See what I mean about these ideas being applicable in daily life? I know this cycle: I disrespect someone, their hackles go up, they stop listening to me, and I get into berserker mode and my brain shuts down. Instant conflict. The strategy recommended by Chappell, and supported by military thinkers from Sun Tzu to General Douglas MacArthur, actually calls on us to develop an inner spiritual discipline that can rally us against the forces of disintegration and chaos. This discipline was once used for outer warfare, but we now need to use it for peace — and it alone can give us the strength we need for our peacemaking to be powerful and lasting.

War has a strong, deceptive hold upon our minds; we’ve been told over and over again that we need to employ violence to make ourselves safe, while the opposite is actually true. Waging peace is not only morally preferable, but more effective than violent responses to the challenges of our world. Comprehending this requires us to discard some of our preconceived notions, and gather the strengths of war while turning them to a new cause. The great nonviolent activists are not weak, passive types, and great military leaders are not bullies. An effective fighting unit is one in which the members love and will die for one another. Our current challenge is to turn this force from pitting groups of people against each other toward the service of all humanity.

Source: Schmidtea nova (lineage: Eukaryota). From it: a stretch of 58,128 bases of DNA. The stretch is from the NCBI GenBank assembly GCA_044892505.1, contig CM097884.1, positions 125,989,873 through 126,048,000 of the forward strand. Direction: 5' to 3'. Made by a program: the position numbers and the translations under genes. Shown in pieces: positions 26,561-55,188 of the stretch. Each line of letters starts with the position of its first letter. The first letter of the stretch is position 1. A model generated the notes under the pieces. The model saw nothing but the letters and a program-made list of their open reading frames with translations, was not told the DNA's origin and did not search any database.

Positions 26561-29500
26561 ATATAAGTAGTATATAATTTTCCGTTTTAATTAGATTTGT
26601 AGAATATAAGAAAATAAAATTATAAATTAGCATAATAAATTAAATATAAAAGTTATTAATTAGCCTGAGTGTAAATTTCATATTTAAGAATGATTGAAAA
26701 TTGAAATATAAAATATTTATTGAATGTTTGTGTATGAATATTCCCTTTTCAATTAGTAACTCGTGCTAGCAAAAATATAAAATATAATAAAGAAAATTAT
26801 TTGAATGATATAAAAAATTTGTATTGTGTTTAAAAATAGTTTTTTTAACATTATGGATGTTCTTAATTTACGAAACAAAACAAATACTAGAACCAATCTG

Developments since the book was published may make some of Chappell’s premises seem questionable. For example, he points toward the gains made by the civil rights movement and the women’s liberation movement as proof that a cultural mindset can be changed through peaceful action. The current resurgence in white nationalism and anti-feminist rage could make it appear these achievements were illusory.